Again, another silence filled the room. She then said, “I am not qualified to answer that question- the best way to find out information is to go to our ENVIRONMENTAL hotline at 1-866-448-5816.

I objected,  “That is the call center for your hotline and they only record information- They cannot offer clarification. They will not be able to help me which is why I posed *you* the question. Then a male voice spoke up and said, “or you can call 866-366-5511.

Then my call was disconnected. 0.0

I called the # ending in 5511 and it rang until a voice mail picked up saying I reached “American Office Products”. I left a msg and then another msg yesterday asking for a returned call. I still have yet to receive one.

In the meantime, I contacted the general call line again and raised holy cane saying that the BP official gave me this number and I want to talk to somebody who knows something. It took 28 min (literally) of convincing that I was who I said I was and that my intentions were pure. (I told them I wanted to help BP look better in the eyes of the media).  Then I was connected to a supervisor.

Karen (who was “not allowed” to give me her last name) answered and I asked her why are our local jobs, that were promised to us by BP, being given to a 3rd party? Also, what is going to happen to all of the volunteers in NW Fla who took the 4 hr hazmat training to help the oiled wildlife and that Santa Rosa County is in the works of offering hazmat training to assist.  Why would this training be given, if it is not applicable to the oil spill? Further, will people be allowed on the beaches with their hazmat certificate?

After much hemming & hawing, she replied that only SCAT officials will be allowed for clean up and wildlife assistance. That HAZMAT training was not specific enough. That they are drawing from the hazmat training class and supposedly tapping for higher interest within that knowledge pool.   (Side note:: I dont think this is happening. I think BP is trying to cover up the damage of the oil spill so they are contracting people to come out and report what “needs” to be reported.)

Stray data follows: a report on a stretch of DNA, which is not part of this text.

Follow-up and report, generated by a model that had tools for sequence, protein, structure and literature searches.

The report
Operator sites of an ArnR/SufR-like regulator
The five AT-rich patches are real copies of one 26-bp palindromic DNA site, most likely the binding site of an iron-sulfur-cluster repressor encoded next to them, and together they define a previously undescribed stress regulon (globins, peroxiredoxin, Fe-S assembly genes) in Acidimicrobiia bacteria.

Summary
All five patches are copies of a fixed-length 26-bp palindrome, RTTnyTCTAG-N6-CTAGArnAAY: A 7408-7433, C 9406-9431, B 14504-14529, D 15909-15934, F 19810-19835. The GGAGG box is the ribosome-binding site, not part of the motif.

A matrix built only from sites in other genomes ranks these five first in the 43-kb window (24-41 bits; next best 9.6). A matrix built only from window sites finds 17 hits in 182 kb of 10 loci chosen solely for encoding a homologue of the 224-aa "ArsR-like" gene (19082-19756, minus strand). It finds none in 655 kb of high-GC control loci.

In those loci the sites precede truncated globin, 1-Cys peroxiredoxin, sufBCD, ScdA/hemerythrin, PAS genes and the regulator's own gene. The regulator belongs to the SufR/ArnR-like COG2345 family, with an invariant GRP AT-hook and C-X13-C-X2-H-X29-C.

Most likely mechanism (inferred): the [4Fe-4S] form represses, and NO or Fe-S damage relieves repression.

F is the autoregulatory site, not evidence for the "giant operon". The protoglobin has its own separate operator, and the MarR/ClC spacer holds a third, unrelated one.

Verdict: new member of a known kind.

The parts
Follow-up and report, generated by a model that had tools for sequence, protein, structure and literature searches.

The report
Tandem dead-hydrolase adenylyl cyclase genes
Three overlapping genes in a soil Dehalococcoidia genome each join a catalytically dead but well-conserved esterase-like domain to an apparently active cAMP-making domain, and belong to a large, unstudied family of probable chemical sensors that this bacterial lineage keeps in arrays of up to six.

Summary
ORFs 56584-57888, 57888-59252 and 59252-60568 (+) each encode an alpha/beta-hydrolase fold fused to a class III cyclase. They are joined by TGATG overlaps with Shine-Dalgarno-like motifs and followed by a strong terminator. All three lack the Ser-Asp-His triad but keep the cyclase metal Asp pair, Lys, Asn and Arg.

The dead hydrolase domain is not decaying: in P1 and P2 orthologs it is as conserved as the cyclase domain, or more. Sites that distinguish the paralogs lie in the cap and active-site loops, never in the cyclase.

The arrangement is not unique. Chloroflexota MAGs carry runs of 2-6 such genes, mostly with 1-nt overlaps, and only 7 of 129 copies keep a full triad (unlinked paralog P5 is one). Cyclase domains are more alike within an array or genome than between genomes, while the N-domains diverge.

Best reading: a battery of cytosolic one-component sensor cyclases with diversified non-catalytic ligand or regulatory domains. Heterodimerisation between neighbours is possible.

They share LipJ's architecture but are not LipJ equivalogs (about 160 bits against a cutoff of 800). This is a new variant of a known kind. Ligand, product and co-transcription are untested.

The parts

Obviously, I was not thrilled with that answer. So I kept pushing until she broke and she gave me the direct number for BP and told me to call to get through to the reception area and then asked for the aforementioned people by name. I left a msg and another follow up msg for both parties and will continue calling around that facility on Monday until I get another directory path.

Also, another problem surrounding that is the toll free number given by BP for an “oiled animal rescueline” that I am trying to get answers too is WHY are checking messages on an hourly basis? Time is of the essence when a bird is covered in oil and developing hypothermia because the body cannot retain the heat.  This appears rather heartless to me and I feel that messages needed to be checked more frequently.

The State of Florida is now taking control of the recovery wheel and pushing for more cleanup money. As the initial amount of $25 Million will not even be CLOSE to the amount of money that our counties will need to effectively rid the oil from our shorelines. Congressman Jeff Miller has put in a request for $1 Billion dollars to assist our State and is awaiting approval.  If our State is only given $25 million, we will risk a County bankruptcy for the recovery process will cost much more than that.  Escambia county just spent $1.2 billion dollars to buy booms to cover their shorelines, so this is a reasonable. How ironic since Unified Command stated that they would honor all “reasonable requests” yet denied our request for booms.

However, the question still remains, “How can we best assess Florida’s future damage that is caused to our small coastline businesses, the fishing and the tourism industry?” Hopefully by relying on the past year trends of condos, hotel, local tourist attraction revenue and calculating inflation into the equation, Florida can determine the answer on how to best help the struggling bystanders of this man made, careless oil spill in our beautiful Gulf of Mexico.

Copyright © 2010 ClearWater Perspective.  All rights reserved.


05.04.2010

Another teleconference was held, in which I participated in, with the Department of  the Interior, National Oceanic and Atmospheric Administration (NOAA),  U.S. Coastguard, Environmental Protection Agency (EPA), British Petroleum (BP) and TransOcean.

Satellite imagery shows that the former 3,400 sq. miles oil slick has been reduced to  2000 sq mile. While at first this may seem reassuring, it is important to realize that the oil is pooling; that is, the oil remains under the water.